With more than 50 non-fiction books and numerous magazine articles to his credit, Allen Wyatt is an internationally recognized author. He is president of Sharon Parq Associates, a computer and publishing services company. ...

MORE FROM ALLEN

Understanding Views

Want to see how your document will look before it's printed? Or, do you want to see what things will look like if you put ...

Discover More

Leading Spaces in Document File Names

If you try to add spaces to the beginning of a document's file name, Word normally strips them away. This tip examines ...

Discover More

Dissecting a String

VBA is a versatile programming language. It is especially good at working with string data. Here are the different VBA ...

Discover More

Create Custom Apps with VBA! Discover how to extend the capabilities of Office 2013 (Word, Excel, PowerPoint, Outlook, and Access) with VBA programming, using it for writing macros, automating Office applications, and creating custom applications. Check out Mastering VBA for Office 2013 today!

More WordTips (ribbon)

Formatting Page Numbers

Need to format the page numbers you added to your document? Word makes it easy, using the same techniques you use to ...

Discover More

Intelligent Title Case

A common editorial need is to change the capitalization used on different words in a selection of text. Word provides a ...

Discover More

Making Bottoms of Pages Line Up

Want to make your text look good on the finished page? This tip discusses a common speed bump in this quest--making the ...

Discover More
Subscribe

FREE SERVICE: Get tips like this every week in WordTips, a free productivity newsletter. Enter your address and click "Subscribe."

View most recent newsletter.

Comments

If you would like to add an image to your comment (not an avatar, but an image to help in making the point of your comment), include the characters [{fig}] (all 7 characters, in the sequence shown) in your comment text. You’ll be prompted to upload your image when you submit the comment. Maximum image size is 6Mpixels. Images larger than 600px wide or 1000px tall will be reduced. Up to three images may be included in a comment. All images are subject to review. Commenting privileges may be curtailed if inappropriate images are posted.

What is seven less than 7?

2021-08-11 12:03:53

Stig Wedel

In the above tip "Squeezing Everything In" you write: "Next, you can hyphenate your document. This can close up some lines, simply by pulling "partial" words up to previous lines. This works particularly well if the right side of your document is quite ragged, meaning it has a lot of white space." In the described situation with (some) paragraphs having a lot of white space at the end of lines, I have found that a more invisible solution than putting in hyphens is to select the paragraph(s) with lots of white space and then adjust the right indentation to a small negative amount, say -0.1 cm or -0.2 cm (or corresponding amounts in other units). This often results in a gain of one or two lines without having many lines ending in hyphens.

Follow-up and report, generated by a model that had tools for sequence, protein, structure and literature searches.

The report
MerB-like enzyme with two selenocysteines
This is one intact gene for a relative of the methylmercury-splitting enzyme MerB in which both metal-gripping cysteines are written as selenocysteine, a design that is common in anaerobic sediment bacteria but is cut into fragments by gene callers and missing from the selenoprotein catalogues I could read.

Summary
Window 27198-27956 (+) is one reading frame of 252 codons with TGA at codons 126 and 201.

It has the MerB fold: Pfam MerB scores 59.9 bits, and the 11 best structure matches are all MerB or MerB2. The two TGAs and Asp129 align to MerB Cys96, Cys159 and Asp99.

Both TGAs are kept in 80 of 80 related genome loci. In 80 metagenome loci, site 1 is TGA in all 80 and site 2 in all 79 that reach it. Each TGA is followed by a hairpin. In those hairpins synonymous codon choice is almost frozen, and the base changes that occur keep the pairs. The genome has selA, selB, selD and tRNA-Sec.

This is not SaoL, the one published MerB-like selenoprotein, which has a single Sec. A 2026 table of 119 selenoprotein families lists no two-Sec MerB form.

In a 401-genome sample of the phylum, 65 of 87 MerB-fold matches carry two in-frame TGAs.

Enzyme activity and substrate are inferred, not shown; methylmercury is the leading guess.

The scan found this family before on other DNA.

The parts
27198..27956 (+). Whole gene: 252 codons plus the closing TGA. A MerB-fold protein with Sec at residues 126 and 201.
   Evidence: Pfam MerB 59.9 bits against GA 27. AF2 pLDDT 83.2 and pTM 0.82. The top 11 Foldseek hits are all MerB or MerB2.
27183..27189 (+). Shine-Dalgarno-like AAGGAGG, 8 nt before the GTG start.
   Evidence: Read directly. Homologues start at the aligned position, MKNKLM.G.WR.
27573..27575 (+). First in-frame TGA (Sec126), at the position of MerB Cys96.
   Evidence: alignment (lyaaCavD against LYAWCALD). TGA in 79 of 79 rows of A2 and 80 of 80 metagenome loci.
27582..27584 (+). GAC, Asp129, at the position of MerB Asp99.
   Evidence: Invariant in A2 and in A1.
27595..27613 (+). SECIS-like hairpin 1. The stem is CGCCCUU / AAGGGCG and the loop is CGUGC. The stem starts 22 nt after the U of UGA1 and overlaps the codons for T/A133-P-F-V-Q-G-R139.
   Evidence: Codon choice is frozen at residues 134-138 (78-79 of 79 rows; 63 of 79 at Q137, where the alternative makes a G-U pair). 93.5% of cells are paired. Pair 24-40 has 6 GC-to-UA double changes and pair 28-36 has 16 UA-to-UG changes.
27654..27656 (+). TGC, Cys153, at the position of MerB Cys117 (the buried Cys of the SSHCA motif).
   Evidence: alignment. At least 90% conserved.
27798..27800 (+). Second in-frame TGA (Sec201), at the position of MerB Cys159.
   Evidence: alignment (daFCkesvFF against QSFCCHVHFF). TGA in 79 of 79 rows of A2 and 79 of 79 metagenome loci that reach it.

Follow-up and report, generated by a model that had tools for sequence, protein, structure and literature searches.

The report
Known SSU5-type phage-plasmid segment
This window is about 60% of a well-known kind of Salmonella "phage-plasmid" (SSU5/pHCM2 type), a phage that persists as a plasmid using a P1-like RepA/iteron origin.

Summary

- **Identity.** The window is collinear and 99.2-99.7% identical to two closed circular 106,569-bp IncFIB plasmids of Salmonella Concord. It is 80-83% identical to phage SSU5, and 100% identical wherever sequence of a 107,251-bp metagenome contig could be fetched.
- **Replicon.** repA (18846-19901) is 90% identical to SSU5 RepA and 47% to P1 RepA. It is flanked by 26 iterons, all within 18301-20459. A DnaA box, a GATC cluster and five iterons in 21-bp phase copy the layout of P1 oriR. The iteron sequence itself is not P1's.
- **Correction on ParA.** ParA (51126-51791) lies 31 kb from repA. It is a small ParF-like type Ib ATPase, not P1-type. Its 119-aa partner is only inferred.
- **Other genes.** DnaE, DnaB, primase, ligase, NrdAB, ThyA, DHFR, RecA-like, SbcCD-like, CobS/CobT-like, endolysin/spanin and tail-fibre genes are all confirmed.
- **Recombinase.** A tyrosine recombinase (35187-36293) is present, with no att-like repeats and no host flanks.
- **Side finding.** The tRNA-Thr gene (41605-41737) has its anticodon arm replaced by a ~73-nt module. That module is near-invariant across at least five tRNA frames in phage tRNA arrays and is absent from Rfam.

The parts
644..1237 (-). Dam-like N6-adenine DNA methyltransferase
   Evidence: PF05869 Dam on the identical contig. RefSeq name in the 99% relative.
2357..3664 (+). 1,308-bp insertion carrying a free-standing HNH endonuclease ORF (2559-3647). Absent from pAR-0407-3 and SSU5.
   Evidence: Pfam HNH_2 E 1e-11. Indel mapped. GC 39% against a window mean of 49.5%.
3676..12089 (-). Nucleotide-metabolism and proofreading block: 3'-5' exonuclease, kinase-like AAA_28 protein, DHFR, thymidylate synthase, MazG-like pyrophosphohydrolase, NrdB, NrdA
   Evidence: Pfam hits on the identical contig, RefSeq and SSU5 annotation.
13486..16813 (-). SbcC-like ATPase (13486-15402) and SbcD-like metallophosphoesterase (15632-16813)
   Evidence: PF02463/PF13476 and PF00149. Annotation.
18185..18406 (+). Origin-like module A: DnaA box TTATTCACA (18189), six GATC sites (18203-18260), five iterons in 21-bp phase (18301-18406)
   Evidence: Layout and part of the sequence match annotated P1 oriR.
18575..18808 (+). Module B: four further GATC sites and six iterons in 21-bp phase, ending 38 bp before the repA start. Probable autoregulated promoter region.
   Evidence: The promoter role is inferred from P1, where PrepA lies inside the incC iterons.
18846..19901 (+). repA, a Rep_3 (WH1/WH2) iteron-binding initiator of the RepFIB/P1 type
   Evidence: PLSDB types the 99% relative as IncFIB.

The technique also is very effective if a single paragraph ends with a line with just one short word. Often that extra line can be avoided through use of a small, negative right indentation if the other lines in the paragraph have a suitable mix of shorter words and white spaces close to the line changes.


2021-07-19 13:18:52

Steven Van Steenhuyse

Another way to do this is to use the "shrink one page" command. IIRC, in old versions of Word, this command was available on the Print Preview screen; in my version (Word 2013), it's not found unless you add it to the ribbon or the Quick Access Toolbar. Choose Options from the File tab, then "Customize Ribbon" or "Quick Access Toolbar." Pick "All Commands" from the "Choose commands from:" drop-down, then scroll all the way down until you find "Shrink One Page." Add it to the QAT or the ribbon tab of your choice. As far as I can tell, this tool does its work by slightly reducing the font and character spacing. Sometimes, reducing the font is not desirable, in which case the solution above to reduce line spacing by a miniscule amount may be a better solution.


This Site

Got a version of Word that uses the ribbon interface (Word 2007 or later)? This site is for you! If you use an earlier version of Word, visit our WordTips site focusing on the menu interface.

Videos
Subscribe

FREE SERVICE: Get tips like this every week in WordTips, a free productivity newsletter. Enter your address and click "Subscribe."

(Your e-mail address is not shared with anyone, ever.)

View the most recent newsletter.